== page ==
- Get your noodles, or linguine boiling in a pot and have your ingredients all ready. Drain your noodles or pasta as soon as they’re done. This is important ‘cos stir-frying is a whizz, no time for chopping carrots while your garlic is burning away into a pile of charred lumps.
- In a screaming hot wok of a tablespoon of oil, get your slices of Chinese sausage, or lardons in.
- Add minced garlic, minced onion and a slice of ginger into the wok to flavour the oil.
- Welcome the Aroma Fairies.
- Carrots go in ‘cos they take longer to cook through.
- Once your carrots are almost done, add a small bit of oil and crack in a egg, stirring it about erratically till about done.
- Then, add in your marinated (minus soy sauce) Melt-In-Your-Mouth Pork, stir-frying it with small quantities of the noodle boiling water.
- Toss in leafy green vegetables and drained noodles.
- Go crazy with the dark soy sauce till it’s all nice and blackish. (Bear in mind that doing this can get VERY salty, so the darker the soy sauce, the better.)
- Season with light soy sauce if necessary.
- Add a generous pinch of sugar and still happily away.
Seared fillet of salmon on pasta with Chinese leaf, mushrooms, chilli and dried sage.
- Set pasta away to cook in a pot of salty boiling water.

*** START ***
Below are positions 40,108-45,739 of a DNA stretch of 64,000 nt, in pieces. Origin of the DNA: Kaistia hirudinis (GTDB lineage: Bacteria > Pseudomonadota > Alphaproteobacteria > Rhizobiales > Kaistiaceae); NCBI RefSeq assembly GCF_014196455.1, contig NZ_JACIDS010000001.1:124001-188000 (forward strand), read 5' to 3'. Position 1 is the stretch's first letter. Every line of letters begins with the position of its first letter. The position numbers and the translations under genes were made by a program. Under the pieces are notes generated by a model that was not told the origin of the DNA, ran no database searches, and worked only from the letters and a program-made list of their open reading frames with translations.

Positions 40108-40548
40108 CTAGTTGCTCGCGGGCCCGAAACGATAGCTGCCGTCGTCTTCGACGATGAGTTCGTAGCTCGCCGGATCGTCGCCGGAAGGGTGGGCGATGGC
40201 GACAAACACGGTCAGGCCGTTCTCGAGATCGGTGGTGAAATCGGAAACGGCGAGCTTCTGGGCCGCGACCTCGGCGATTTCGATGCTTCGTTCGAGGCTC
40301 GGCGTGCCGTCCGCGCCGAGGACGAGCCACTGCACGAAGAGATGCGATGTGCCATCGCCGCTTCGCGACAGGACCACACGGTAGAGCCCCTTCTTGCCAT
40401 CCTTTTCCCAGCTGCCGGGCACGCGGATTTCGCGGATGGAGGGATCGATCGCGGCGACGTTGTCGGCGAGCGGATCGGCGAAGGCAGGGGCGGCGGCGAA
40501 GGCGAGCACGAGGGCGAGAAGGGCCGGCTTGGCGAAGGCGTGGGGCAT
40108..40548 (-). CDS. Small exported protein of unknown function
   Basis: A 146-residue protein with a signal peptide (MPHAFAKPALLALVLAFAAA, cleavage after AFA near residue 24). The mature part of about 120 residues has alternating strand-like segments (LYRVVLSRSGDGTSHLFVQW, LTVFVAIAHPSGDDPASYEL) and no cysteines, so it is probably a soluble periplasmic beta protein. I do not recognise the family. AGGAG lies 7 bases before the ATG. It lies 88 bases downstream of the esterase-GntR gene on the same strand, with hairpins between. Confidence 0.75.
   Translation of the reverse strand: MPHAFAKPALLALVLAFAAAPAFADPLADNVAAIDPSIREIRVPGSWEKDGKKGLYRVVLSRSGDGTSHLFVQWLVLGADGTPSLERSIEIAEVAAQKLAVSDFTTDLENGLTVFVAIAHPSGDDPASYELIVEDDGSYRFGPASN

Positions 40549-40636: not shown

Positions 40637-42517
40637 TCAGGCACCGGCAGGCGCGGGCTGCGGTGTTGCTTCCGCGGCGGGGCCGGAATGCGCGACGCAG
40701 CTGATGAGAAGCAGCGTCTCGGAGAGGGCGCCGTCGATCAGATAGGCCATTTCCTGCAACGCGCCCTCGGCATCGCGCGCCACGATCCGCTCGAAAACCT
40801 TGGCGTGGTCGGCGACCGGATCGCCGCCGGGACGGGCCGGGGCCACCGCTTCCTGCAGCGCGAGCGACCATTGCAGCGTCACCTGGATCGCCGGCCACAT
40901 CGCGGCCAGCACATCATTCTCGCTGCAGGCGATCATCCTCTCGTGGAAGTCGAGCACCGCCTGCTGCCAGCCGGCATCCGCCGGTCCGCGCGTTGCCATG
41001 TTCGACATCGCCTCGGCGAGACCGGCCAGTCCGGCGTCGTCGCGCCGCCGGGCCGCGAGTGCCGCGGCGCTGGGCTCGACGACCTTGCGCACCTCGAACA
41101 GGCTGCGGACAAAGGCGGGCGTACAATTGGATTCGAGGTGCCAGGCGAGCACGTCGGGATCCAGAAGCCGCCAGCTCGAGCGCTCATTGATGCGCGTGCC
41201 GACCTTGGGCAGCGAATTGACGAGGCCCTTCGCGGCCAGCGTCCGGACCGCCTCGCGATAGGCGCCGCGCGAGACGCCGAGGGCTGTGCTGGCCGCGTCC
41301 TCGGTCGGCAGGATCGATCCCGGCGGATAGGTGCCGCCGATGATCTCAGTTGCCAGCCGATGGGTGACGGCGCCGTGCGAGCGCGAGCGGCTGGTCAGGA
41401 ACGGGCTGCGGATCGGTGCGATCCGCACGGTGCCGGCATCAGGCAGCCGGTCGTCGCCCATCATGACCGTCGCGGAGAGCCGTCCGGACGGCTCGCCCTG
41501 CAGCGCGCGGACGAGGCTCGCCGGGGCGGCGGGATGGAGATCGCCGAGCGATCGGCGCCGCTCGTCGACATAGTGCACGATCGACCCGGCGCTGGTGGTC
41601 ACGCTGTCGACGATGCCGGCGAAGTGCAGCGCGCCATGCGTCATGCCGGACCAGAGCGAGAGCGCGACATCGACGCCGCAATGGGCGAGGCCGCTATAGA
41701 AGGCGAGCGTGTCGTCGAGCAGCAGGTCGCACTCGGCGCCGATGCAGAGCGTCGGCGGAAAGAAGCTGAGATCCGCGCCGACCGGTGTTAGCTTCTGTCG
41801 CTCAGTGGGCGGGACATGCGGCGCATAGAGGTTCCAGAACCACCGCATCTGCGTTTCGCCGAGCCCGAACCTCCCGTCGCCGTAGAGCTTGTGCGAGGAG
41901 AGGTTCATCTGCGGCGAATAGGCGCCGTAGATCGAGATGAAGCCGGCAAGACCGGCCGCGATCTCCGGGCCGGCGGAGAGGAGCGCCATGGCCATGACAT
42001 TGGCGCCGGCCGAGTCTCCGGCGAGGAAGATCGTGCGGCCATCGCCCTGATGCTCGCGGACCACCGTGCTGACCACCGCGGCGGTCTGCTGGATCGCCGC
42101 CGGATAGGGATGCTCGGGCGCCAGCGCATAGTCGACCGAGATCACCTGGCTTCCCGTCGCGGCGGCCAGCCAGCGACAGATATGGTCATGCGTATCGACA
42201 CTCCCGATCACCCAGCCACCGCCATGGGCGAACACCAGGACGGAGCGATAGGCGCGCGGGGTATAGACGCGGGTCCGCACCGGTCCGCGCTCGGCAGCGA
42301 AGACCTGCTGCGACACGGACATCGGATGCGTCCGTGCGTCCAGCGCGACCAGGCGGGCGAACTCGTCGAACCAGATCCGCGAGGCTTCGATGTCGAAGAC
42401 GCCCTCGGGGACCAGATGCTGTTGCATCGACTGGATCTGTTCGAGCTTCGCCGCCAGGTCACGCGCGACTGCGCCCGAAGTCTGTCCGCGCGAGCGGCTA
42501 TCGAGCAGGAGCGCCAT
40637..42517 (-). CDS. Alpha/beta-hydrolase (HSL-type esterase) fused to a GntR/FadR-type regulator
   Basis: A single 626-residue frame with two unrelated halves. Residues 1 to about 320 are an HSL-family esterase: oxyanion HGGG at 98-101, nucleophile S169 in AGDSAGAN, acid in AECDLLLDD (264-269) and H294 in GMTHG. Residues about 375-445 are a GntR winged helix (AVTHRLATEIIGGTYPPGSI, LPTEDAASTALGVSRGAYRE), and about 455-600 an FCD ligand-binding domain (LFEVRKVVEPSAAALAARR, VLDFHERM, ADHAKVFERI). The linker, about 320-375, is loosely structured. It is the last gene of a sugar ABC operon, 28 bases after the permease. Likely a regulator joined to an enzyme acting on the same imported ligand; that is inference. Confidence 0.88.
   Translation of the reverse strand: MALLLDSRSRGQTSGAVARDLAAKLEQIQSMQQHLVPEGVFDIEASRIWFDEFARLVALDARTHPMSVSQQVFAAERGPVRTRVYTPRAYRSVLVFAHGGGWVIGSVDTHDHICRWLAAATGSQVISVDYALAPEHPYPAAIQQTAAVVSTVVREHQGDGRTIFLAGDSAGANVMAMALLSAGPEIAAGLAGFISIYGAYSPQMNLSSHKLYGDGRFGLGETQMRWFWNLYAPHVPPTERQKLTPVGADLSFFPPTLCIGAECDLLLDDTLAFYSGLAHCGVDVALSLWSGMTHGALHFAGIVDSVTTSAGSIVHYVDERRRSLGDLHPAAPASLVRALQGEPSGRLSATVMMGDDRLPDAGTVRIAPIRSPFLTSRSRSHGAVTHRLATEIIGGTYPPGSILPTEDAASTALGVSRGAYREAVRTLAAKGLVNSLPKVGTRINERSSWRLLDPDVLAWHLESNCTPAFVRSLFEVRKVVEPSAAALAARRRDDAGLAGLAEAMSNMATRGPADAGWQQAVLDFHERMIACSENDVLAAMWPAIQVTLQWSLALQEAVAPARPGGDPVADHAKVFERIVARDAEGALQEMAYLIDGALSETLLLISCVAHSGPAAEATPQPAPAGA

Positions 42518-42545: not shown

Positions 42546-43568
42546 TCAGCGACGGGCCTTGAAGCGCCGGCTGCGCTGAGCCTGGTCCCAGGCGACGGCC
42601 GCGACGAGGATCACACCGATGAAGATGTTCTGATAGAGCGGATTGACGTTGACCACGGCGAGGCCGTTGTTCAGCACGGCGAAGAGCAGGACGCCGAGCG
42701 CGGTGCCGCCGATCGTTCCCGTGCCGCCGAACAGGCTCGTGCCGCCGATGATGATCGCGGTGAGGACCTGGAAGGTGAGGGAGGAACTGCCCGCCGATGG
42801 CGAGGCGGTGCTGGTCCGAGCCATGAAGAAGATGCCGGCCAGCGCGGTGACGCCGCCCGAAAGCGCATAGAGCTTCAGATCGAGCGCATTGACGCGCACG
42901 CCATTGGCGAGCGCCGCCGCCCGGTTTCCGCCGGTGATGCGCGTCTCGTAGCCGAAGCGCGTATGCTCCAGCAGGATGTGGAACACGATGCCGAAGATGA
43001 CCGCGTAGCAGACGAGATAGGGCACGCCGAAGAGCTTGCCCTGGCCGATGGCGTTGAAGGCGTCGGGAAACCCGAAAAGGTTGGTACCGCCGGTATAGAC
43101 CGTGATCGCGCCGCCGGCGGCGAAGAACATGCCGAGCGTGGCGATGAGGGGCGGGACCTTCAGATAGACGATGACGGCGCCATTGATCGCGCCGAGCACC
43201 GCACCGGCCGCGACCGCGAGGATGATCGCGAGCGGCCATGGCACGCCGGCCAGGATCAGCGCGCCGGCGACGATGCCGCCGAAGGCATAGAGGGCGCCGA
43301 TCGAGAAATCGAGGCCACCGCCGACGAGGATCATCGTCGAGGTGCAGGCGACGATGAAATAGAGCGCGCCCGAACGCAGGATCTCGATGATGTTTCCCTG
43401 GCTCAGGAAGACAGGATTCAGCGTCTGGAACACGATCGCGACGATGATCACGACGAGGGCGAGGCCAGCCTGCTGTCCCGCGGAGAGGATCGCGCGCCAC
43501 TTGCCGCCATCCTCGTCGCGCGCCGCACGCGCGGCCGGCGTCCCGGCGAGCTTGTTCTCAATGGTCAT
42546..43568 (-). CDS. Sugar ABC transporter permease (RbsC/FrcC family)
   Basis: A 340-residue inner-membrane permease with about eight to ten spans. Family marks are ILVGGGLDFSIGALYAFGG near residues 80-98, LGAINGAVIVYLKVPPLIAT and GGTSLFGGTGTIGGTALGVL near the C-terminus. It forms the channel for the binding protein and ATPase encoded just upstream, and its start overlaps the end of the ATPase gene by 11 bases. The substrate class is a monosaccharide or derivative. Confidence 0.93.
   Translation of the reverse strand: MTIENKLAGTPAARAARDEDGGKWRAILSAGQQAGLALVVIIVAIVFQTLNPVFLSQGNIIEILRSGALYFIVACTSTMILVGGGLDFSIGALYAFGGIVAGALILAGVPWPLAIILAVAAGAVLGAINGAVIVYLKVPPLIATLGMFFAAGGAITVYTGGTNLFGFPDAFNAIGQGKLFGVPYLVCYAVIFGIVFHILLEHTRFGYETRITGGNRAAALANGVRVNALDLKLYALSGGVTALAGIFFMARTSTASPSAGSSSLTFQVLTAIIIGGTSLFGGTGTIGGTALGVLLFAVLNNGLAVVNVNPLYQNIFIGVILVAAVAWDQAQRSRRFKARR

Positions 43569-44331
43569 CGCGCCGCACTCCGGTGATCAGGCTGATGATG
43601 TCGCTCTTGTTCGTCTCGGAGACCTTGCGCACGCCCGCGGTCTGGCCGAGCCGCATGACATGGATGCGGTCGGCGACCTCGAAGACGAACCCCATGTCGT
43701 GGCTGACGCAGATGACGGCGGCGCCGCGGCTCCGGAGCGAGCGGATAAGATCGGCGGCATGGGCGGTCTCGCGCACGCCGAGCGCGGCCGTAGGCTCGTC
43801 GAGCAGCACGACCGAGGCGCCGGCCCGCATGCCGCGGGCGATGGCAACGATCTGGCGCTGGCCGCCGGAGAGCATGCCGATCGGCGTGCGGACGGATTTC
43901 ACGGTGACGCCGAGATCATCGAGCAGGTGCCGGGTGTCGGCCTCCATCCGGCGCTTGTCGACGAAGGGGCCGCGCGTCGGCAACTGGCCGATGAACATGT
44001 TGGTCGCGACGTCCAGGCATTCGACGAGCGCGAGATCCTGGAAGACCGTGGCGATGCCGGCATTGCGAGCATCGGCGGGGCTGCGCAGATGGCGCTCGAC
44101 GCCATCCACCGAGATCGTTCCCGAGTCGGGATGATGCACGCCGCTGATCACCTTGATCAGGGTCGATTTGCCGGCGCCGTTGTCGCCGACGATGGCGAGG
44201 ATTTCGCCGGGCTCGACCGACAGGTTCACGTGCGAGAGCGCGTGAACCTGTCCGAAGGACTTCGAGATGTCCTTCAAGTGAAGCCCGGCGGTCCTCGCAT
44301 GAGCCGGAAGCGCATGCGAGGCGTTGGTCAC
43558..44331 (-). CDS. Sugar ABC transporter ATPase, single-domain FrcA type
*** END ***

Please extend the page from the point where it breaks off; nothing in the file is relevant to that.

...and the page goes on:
- In a pan with a little bit of oil, sear the fillet of fish skin side down till just done. Set aside to rest.
- In the same pan, toss in minced garlic and fry till fragrant.
- Add in shredded Chinese leaf and quartered mushrooms.
- Crush in dried sage leaves and season well with freshly ground sea salt and black pepper.
- Add sliced chilli when vegetables and mushrooms are almost cooked.
- Drain spaghetti and mix together with the Chinese leaf and mushrooms well. Add a generous lug of good extra virgin olive oil to loosen everything up nice and smooth.
- Plate up and serve, boasting the skin of the salmon in its crisp golden glory.
It’s absolute melt-in-your-mouth heaven to indulge in a large nugget of fatty salmon meat, pan-seared to perfection and luxuriously devoured whole.
Mussels are apparently the poor man’s food of shellfish, cheap and easily available. I haven’t had them in awhile and tonight, I made a little bit of it with some pasta.
So far, the best way I know to do mussels is to steam them. And contrary to popular belief, Sarah read somewhere that all properly-cooked mussels can be eaten, whether or not they open during the cooking process. No clue how true that is though.
Disclaimer: Consume unopened cooked mussels AT YOUR OWN RISK.
Simple Butter Mussels
- Bring a pot with water about half a centimetre deep to the boil.
- Toss the clean scrubbed mussels in and add a splash of dry white wine. Then, put the lid on. Mussels cook really quickly so keep them in check.
- Remove cooked-open mussels to a bowl at once. After about a maximum of 8 minutes, remove all.
- DO NOT throw the remaining mussel liquor away! Melt in a small knob of salted butter and drizzle over the bowl of cooked shellfish.
- Sneak a happy smile, or shed happy tears.
Mussels are lovely with garlic and a little bit of chilli. So I think Aglio Olio is the perfect carbohydrate match.
Simple cooking, at it’s best.